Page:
Commissioner Brian Eyolfson (left to right), commissioner Marilyn Poitras, chief commissioner Marion Buller of the National Inquiry into Missing and Murdered Indigenous Women and Girls, commissioner Michele Audette, commissioner Qajaq Robinson and Susan Vella, lead legal counsel for the commission, hold a news conference in Ottawa on Tuesday, February 7, 2017. The inquiry will be in Iqaluit Monday to begin four days of hearings. (Fred Chartrand/Canadian Press) The national inquiry into missing and murdered Indigenous women and girls has touched down in Iqaluit, Nunavut, where commissioners will hear from knowledge keepers and experts on the topic of colonial violence.
Socio-economic, health, and wellness impacts are expected to take centre stage at the four-day hearings, being held at the city’s Frobisher Inn. It’s the first of four final hearings scheduled for the inquiry, which has a deadline of Dec. 31 for research and statement-gathering.
Commissioner Qajaq Robinson, who is from Nunavut and spent much of her life in Iqaluit, says it’s important for the inquiry to return to the territory. Commissioners previously heard from survivors and families in Rankin Inlet in February.
"One thing we’ve heard across the country, but in particular from Nunavut, is the impact of rapid change on communities, on families, on social structure," she said. "How governments came in, and how the introduction of alcohol and different factors really had an impact on people and families. Missing and Murdered Indigenous Women and Girls Commissioner Qajaq Robinson speaks at the Membertou First Nation. Robinson, who is from Nunavut, said it’s important for the inquiry to spend time in Nunavut to get a first-hand look at the issues at play within the territory. "We’ve also heard a tremendous amount about the lack of services. How women, girls, and children are in violent situations and there’s no place to flee, there’s really no help that anyone can get."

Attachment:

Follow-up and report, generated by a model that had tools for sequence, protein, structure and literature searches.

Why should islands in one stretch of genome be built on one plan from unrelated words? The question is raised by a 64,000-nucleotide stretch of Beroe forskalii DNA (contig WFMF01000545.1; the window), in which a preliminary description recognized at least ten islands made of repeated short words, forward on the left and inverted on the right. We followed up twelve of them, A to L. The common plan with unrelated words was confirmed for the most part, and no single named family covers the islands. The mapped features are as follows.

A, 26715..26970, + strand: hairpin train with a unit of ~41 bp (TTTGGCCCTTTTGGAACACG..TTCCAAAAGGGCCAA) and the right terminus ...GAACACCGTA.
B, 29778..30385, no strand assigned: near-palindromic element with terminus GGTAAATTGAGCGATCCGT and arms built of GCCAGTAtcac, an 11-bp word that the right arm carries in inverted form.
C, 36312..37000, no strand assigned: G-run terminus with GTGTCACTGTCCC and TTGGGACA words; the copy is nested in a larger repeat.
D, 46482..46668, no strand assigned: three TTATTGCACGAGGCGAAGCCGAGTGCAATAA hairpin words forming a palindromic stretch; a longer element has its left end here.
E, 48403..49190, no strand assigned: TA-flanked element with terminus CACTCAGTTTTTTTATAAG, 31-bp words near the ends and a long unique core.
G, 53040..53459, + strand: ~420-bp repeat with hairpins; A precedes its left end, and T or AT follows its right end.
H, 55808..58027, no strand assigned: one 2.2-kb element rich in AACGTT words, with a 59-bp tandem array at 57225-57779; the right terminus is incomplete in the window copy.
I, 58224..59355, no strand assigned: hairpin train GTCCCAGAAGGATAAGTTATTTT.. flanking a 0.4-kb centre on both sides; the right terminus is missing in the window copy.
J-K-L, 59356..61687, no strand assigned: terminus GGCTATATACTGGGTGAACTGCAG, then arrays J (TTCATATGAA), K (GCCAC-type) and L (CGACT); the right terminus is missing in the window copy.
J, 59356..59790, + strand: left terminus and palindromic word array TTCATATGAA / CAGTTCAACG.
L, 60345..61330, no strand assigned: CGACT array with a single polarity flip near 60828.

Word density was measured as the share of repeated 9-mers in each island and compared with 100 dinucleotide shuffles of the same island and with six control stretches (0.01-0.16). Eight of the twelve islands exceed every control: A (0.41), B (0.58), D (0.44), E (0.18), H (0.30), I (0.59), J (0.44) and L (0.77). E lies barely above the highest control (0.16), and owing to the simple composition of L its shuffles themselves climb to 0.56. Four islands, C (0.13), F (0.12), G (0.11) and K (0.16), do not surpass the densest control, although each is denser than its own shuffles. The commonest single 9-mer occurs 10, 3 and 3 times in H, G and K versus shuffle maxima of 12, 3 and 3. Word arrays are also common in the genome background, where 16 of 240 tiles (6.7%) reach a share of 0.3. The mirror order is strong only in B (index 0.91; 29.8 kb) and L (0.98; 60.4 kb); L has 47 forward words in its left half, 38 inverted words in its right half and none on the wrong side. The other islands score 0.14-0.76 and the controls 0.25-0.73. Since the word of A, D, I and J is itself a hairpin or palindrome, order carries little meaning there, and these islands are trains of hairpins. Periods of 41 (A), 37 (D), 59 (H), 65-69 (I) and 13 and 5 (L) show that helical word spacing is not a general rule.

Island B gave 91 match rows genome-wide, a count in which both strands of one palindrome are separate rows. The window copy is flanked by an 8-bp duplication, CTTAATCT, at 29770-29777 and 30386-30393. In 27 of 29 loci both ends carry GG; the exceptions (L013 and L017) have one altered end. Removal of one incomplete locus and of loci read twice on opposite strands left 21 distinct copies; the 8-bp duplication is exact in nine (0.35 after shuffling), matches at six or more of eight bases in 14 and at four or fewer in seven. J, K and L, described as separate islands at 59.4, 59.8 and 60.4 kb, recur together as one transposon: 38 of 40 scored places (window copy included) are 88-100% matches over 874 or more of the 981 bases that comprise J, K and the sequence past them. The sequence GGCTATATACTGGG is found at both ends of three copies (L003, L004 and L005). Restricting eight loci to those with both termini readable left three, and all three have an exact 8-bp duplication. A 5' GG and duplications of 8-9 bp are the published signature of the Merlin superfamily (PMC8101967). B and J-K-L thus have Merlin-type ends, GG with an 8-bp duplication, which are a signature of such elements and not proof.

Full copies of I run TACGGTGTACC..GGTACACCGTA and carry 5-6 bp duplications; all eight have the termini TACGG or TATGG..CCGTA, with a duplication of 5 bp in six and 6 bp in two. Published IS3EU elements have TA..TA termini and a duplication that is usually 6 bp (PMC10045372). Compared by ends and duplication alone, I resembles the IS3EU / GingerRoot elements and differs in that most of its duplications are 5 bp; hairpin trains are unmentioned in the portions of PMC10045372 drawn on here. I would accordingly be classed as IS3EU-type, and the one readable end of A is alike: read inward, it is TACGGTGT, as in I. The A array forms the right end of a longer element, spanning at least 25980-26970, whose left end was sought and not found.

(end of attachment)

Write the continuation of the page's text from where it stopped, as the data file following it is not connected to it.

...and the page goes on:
Survivors and families won’t be testifying at this week’s hearings. Instead, the commissioners will speak with stakeholders and experts, including representatives from Inuit organizations and cultural revitalization groups. The inquiry is expected to take lessons learned from those previous hearings and use them to inform the discussion.
"Hearing more about the causes, the systemic issues at play, but also solutions," Robinson said. "It’s really about getting a better understanding of what the causes are." ‘Our communities need to change the mentality’
Iqaluit-Manirajak MLA Adam Arreak Lightstone said he’s happy to see the inquiry return to the territory, though he wishes there was time for testimony from survivors and families.
Arreak Lightstone’s sister and two daughters were killed in 2011 in a widely-suspected case of murder-suicide, and he has championed changes to the territory’s domestic violence policy in the territory’s legislature. Nunavut MLA tables never-before-seen report on preventing domestic violence-related deaths
Arreak Lightstone, who will be at the hearings, says that domestic violence is still a taboo issue across the territory, and he’s hoping the hearings will help bring the topic back into focus. Iqaluit-Manirajak MLA Adam Arreak Lightstone is happy that the hearings are in Iqaluit. Arreak Lightstone, who lost his sister and nieces to domestic violence, says that he hopes bringing the issue to the forefront will help reduce the stigma surrounding it in Nunavut. (Nick Murray/CBC) "The more the topic is brought up, the better," he said. "Because the more the topic is brought up, the more likely it would be that the public would speak out against those abusers."
"Every time I come across a woman in the grocery store with black eyes, or obvious injuries, the first thing that comes to mind is it’s most likely domestic violence related, and it just tears […]
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